The Benefits of Service

There’s no doubt that many people have busy lives. Between work and family, our daily schedules can fill up quickly. But carving out time to volunteer and be of service to others is a fantastic way to give back.

There are a number of benefits to volunteering that include:

  • Helping those in need.
  • Being a part of a community.
  • Learning new skills.
  • Connecting and networking with others.
  • Gaining confidence.
  • Having fun.
  • Taking on a new challenge.
  • Building your resume.
  • Giving a sense of purpose.
  • Making a difference for others.

When it comes to the events and programs that we do, there’s no way we would be able to pull it off without the support of our volunteer team.

We could never do what we do if it wasn’t for our volunteers. They are the ones that are of service to us so we can be of service to you.

At the last Act Like A Success Conference, we had such an amazing group of volunteers ensure that the attendees had an incredible experience. And I bet the volunteers had some powerful takeaways as well!

Where do you volunteer? Why do you like volunteering? Put you answer in the comments section and then hit the “Share” button.

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  • C. K. Williams says:

    Even though my son has graduated from his high school 2 years ago, I still an active and dedicated volunteer; going on 7 years now.

    • Alfrancine Harvin says:

      Volunteering at Church serves to help us to get to know each other better. We talk about the lessons taught in service, things that go on in our daily lives, as well as seeing to the needs of the Church in general. It also helps us to get through the week by being with people who understand you and give you the kind of support that helps to strengthen and prepare you to get through the rest of the week.Surrounding yourself with like minded people takes the sting out of life’s set backs, disappointments as well as it’s rewards and happy moments. We can’t get through life alone. There will always be some situation where you will need help from someone other than yourself. God will always send you a life line.

  • Veronica Taylor says:

    I volunteer for the American Heart Assoc, PGA Golf, NCAA, Junior Achievement and every other Sunday at Trinity Chapel in Powder Springs, GA.

  • Alextrae StokesMcclendon says:

    I volunteer at my church for a variety of activities from feeding the homeless to supporting youth edu ation programs. My time is also given to organizations and programs supporting growth and leadership skills in teens. I’ve been given the title of program ambassador and serve as an informational resource for many of the specialized programs in and out of state, especially for girls. From DDA, Black Girls Rock, Sadie Nash, and At the Wells Leadership Conferences. All of these programs are dear to my heart, seeing lives change right before my eyes is beautiful. It’s my way of giving back and motivating others young and old by sharing the many success stories. I can say I enjoy planting seeds and keeping the seeds watered as they continue to grow and rise up..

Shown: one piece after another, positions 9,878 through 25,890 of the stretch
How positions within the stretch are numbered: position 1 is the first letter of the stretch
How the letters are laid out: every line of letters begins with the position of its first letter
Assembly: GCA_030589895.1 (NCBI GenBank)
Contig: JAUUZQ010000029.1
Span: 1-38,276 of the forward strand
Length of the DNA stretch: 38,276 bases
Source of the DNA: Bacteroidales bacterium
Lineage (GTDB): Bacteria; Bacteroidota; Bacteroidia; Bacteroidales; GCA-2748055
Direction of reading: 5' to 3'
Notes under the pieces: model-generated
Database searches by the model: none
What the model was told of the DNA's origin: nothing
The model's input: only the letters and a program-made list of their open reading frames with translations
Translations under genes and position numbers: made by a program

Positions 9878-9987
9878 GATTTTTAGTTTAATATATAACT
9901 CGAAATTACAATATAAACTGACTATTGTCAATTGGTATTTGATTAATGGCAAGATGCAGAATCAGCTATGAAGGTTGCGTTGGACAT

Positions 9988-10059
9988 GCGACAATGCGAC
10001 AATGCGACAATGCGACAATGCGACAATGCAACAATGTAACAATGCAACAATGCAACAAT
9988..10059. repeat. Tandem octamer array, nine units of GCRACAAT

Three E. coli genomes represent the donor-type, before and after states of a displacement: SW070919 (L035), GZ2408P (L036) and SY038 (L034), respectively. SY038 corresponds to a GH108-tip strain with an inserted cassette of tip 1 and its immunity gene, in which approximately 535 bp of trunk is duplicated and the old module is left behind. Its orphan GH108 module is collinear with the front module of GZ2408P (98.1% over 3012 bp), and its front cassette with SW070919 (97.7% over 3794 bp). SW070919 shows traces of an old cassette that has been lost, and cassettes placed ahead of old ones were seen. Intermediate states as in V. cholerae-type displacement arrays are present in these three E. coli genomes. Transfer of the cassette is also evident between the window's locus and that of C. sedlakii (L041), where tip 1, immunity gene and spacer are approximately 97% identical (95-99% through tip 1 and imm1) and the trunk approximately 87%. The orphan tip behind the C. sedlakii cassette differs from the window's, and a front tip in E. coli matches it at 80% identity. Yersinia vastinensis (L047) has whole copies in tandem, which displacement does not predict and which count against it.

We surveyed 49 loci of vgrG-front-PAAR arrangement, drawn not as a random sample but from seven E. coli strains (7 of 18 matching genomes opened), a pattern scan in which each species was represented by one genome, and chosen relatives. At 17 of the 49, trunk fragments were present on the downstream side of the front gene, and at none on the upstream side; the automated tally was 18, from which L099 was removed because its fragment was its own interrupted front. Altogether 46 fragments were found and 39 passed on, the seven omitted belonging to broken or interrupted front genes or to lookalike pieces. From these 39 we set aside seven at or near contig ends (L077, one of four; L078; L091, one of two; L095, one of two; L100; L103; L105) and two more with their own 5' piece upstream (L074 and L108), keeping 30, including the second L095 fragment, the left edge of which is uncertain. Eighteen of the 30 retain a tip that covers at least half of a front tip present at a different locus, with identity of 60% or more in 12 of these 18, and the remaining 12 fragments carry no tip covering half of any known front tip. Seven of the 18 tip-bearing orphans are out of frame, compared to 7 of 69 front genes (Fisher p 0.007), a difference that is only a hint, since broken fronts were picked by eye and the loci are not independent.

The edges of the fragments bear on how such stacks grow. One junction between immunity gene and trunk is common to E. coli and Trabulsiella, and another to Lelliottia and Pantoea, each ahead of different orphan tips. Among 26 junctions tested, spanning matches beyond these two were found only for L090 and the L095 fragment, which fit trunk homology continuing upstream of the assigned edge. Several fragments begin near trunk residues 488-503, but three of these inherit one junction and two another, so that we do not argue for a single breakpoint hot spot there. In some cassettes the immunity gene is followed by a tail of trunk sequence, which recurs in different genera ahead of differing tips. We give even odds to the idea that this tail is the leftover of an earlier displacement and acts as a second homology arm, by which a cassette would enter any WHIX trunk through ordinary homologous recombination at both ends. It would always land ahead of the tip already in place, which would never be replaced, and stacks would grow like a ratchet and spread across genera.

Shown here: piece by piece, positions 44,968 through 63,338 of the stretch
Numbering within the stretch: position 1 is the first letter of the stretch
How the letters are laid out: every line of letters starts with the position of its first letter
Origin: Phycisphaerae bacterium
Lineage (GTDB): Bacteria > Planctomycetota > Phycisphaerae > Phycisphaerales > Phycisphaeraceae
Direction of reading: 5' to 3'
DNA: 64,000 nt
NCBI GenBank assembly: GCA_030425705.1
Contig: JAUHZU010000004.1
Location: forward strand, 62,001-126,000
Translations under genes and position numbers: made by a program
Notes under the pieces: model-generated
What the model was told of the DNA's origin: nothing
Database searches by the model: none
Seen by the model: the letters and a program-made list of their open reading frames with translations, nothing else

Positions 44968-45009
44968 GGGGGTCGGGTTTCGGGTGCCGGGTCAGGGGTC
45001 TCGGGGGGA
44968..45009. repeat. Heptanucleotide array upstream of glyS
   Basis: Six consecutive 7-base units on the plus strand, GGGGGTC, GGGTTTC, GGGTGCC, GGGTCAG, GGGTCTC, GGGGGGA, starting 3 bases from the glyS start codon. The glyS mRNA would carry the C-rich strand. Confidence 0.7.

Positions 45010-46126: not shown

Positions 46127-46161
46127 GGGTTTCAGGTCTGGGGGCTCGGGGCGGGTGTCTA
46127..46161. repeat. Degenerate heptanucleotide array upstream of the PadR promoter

• Francene says:

    I volunteer for Project “UP!”, (www.TeamProjectUp.org) a program to empower homeless women and children and women in crisis. Are you aware that 65% of the homeless population consists of women with 2-3 children and they are the fastest growing group among the homeless in the U.S.!
    • The faces of the homeless are not just those who stand on corners with signs asking for hand outs. Statistics show that the faces of the homeless have evolved to include those who are unemployed, underemployed and those who have lost their homes due to the economic crisis and/or divorce.
    • Many women with their children have been forced to live with relatives or friends, in hotels, and in some cases, in their cars and even tents!
    • Over 75% of the women in the workforce make less than $25,000 per year, which means that one emergency of something as simple as a traffic ticket or a flat tire can push a woman off her budget and into a homeless situation.
    (Source – Statistical Data for Women’s Groups from Wikipedia, the free encyclopedia).

    In 2010, I began conducting Personal Development and Self-Help Classes at a local shelter. I learned that although the residents completed the 9, 10, or 15 month training sessions successfully while at the shelter, a high percentage of them found themselves homeless again shortly after they left the shelter because the available support programs were not targeted to prevent re-entry.

    My mother, known to the world as Mother Mildred Hash, life-time humanitarian, recognized that this devastating national social dilemma affected women all over the U.S and we needed to do even more!

  • Philandria Robinson says:

    I volunteer because it is the right thing to do. I used to examine myself for why I am generous of my time and money. I give to people when I am in need…finally realized God made me that way. I no longer question my motives in helping others. Saying that, I volunteer to family, friends, neighbors, and people on the street. I just ended a tour with AmeriCorps, Illinois Justice Corps assisting people who do not have an attorney to navigate the process, under the supervision of an attorney (I am a paralegal student). I suspended that opportunity to help someone keep their before and after school program open at a church. She, the owner, is undergoing chemo, and I have the credentials for Center Director. Due to privacy issues, I cannot expound on details other than I have no monetary profit in helping her…just the desire for her to get better, and the students have continuity in their lives. I could list many opportunities where I volunteer, i.e., Junior Achievement, etc., however I hope that the message I sending to whoever reads this post, “Do not resist the urge to help somebody. Many times it starts at home, and carries over to people God will put on your heart.”